Instead of just using the Apache mod_rewrite rules from my post on “Hiding jsessionid parameters from Google“, which uses redirects, wouldn’t it be better to simply not output the jsessionid parameter into the URLs?
First, what are those jsessionid params, and why are they there?
For a web application to have state, i.e. remember things from one page request to the next (such as that you’re logged in, who you are, what is in your shopping cart, etc…), most web applications have something called a session. The session starts when you hit the website at first, sticks with you while you are on the site, and expires after you have either logged out or have been idle (i.e. not clicked on anything) for a set period of time (perhaps 30 minutes).
In general the actual session data is held on the server, things like your shopping cart, your user profile, all of that. However, in order to associate requests from your web browser with the correct session, your browser needs to pass something for the web application to recognize which session is yours. This is traditionally done in two ways:
firstly and primarily using a session-life browser cookie (or two) which hold a session identifier and optionally some additional security token(s). The browser receives this cookie from the web application, and then sends the cookie back to the web application with each page request. The web application looks at the cookie, and figures out which session is yours, and handles your page request appropriately.
secondly, and usually only as a fall-back for browsers which do not support cookies or whose cookie support has been turned off, is to rewrite every link in the web application which points to another page in the same web application with a special session id added to the URI of the link. This is usually done as a path parameter (following a ‘;’), but sometimes is also done as a query parameter (following a ‘?’).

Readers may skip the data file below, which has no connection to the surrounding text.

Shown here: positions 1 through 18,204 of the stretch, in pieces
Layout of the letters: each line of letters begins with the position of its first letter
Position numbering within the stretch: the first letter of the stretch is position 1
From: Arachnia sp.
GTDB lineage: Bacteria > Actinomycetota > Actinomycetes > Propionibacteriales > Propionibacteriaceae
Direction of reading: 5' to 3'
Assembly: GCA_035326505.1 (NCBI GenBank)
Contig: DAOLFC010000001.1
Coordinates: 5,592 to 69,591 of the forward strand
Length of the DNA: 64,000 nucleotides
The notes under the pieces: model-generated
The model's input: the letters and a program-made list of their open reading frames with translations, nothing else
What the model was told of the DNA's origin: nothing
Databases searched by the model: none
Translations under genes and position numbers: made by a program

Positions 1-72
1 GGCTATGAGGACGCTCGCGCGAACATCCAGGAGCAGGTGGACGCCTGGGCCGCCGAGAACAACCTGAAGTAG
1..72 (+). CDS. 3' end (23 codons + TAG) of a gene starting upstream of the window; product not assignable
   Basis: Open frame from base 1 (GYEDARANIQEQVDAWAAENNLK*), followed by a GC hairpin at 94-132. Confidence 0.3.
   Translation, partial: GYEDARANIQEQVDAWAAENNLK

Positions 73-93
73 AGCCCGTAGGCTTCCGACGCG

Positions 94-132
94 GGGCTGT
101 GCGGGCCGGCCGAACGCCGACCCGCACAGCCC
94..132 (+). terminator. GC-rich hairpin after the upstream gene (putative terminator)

Since on the first request to a web application, the browser is not sending a session cookie, the web application has no way of knowing if the browser actually supports cookies or not. So for the first page, the web application will usually send back the session cookie AND rewrite all of the links on the page with the jsessionid just in case the cookie is not returned.
So what’s the problem?
Search engine spiders, like Google’s GoogleBot, usually do not support cookies. This means that they see the site with the jsessionid parameter in every link and every requested URL. So this leads to three related problems. First, the links that show up in a Google search include an ugly ‘jsessionid=xxxxxx’ which looks ugly. Second, Google doesn’t recognize that the jsessionid parameter doesn’t change the page content, and as such each time the GoogleBot hits the site, and gets a different jsessionid, it indexes all of the pages again. This leads to getting multiple result listings for the same page in search results. For instance you might see the same page listed 7 times in a row. Third, by having multiple instances of the same page with the same content, the Google PageRank of the actual page is severely diluted and perhaps even penalized due to the multiple presentations.
Because of these problems, we do not want the GoogleBot to see the jsessionid URI parameters.
In my earlier post, linked to above, I used Apache mod_rewrite to look for requests from GoogleBot, and send a redirect back to GoogleBot, redirecting it to the same URI it had initially requested, just stripped of the jsessionid parameter.
This time I’m going to use a Servlet Filter to prevent the jsessionid parameter from being inserted into the URL links on the page for GoogleBot requests. This is more elegant since there are no redirects.
First, I want to link to the web page which provided the starting point for the solution I used: JSESSIONID considered harmful
I took that approach and modified the filter code to only do this for GoogleBot requests, which will allow users who don’t support or allow cookies to still use the site.
I have one Java class: DisableUrlSessionFilter.java